612 Herter Hall
Degree: Bachelor of Arts
Chair of Department:Professor Joye Bowman. Professors Appy, Barton, Berkman, Glassberg, Gordon, Higginson, Levy, Martin, Owens, Rausch, Richardson, Wilson; Associate Professors Broadbridge, Heuer, Lovett, Miller, Nash, Ogilvie, Wolfe; Assistant Professors Chu, Fronc, Hernandez, Krauthamer, Olsen, Platt, Schmalzer, Taylor; Adjunct Faculty Allen, Ben-Ur, Berkowitz, Bracey, Cox, Gore, Hilbink, Page, Sinha, Stern, Sullivan, Young.
History is the study of the past based on finding, evaluating, and interpreting recorded evidence. It is a discipline that seeks both to understand the past in its own terms and to explain the present in light of the past. Historical fields are usually defined by period, place, and theme—for example, modern American cultural history. The history curriculum is intended to encourage the exploration of the past in a variety of fields and to foster the skills necessary to discover and express effectively an understanding of the past. Generally, courses of greater breadth are offered at the 100 level and courses of greater depth are offered at the upper levels. Often but not always, the higher the level the smaller the class. The department offers honors courses at all levels and encourages qualified majors to enroll in Commonwealth College. History honors courses are generally taught as seminars.
History majors must complete 12 courses totalling at least 36 credits with a minimum GPA of 2.000, distributed as follows:
A. Two to five 100-level courses.
B. Six to nine courses 200-499
C. One course numbered 591-595. This proseminar involves research and writing, to be completed before the second semester of the senior year (normally in the junior year)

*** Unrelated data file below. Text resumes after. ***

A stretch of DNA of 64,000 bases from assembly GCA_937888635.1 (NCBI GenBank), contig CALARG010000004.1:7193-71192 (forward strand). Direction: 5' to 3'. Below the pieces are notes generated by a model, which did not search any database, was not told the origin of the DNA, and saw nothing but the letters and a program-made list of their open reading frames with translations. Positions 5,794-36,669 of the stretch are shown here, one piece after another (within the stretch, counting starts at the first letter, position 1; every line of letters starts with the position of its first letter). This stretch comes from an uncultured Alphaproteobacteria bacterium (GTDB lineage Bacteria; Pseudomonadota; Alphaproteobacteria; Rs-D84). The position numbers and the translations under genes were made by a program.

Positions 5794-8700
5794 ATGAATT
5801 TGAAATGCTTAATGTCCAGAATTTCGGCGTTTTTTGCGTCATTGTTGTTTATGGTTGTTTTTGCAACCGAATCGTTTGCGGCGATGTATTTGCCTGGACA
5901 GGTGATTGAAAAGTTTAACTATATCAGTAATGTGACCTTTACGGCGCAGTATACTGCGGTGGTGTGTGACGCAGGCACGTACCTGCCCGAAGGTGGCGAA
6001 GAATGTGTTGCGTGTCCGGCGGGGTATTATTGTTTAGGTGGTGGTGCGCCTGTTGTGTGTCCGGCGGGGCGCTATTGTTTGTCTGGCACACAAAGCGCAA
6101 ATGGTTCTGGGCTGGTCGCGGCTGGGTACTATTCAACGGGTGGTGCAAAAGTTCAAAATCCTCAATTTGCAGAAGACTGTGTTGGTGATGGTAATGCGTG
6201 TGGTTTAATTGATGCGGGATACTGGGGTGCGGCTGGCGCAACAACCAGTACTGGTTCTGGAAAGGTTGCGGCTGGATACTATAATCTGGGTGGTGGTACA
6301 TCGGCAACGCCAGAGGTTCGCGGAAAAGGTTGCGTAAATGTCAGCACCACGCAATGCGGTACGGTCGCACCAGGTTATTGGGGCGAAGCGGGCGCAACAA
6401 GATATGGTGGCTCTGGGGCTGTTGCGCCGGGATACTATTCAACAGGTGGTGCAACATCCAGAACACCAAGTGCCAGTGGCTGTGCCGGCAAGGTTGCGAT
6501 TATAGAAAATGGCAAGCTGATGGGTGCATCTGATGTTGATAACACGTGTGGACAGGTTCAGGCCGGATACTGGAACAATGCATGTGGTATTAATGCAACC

D. A pre-1500 course from among the following: 100, 102, 110, 112, 114, 130, 160, 180, 300, 301, 302, 303, 304, 340 or the equivalent. (The list is updated each semester by the Director of Undergraduate Studies.)
E. At least two non-western courses (100-level or upper-level, in any combination) to be selected from the following areas: Africa, East Asia, Latin America, Middle East, World. A fifth 100-level course may be taken to fulfill this requirement.
1. No upper-level history course may be taken elsewhere without prior approval of the Director of Undergraduate Studies. Majors, including transfer students, must take a minimum of four upper-level courses in the department.
The study of history provides majors with the research, analytical, and communication skills necessary to every type of career. These skills include the ability to read quickly and pick out important points, to assimilate and synthesize information from a variety of sources, to present information effectively in oral and written form, and to make an informed judgment and to argue its merits. Students of history learn how to ask pertinent questions and to find answers through research and logical thought. In short, history is a particularly appropriate preparation for careers in law, journalism, government service, diplomacy, business, resource management, and teaching.
An undergraduate minor in history requires a minimum of six courses totaling not less than 18 credits and distributed among the lower and upper level as follows: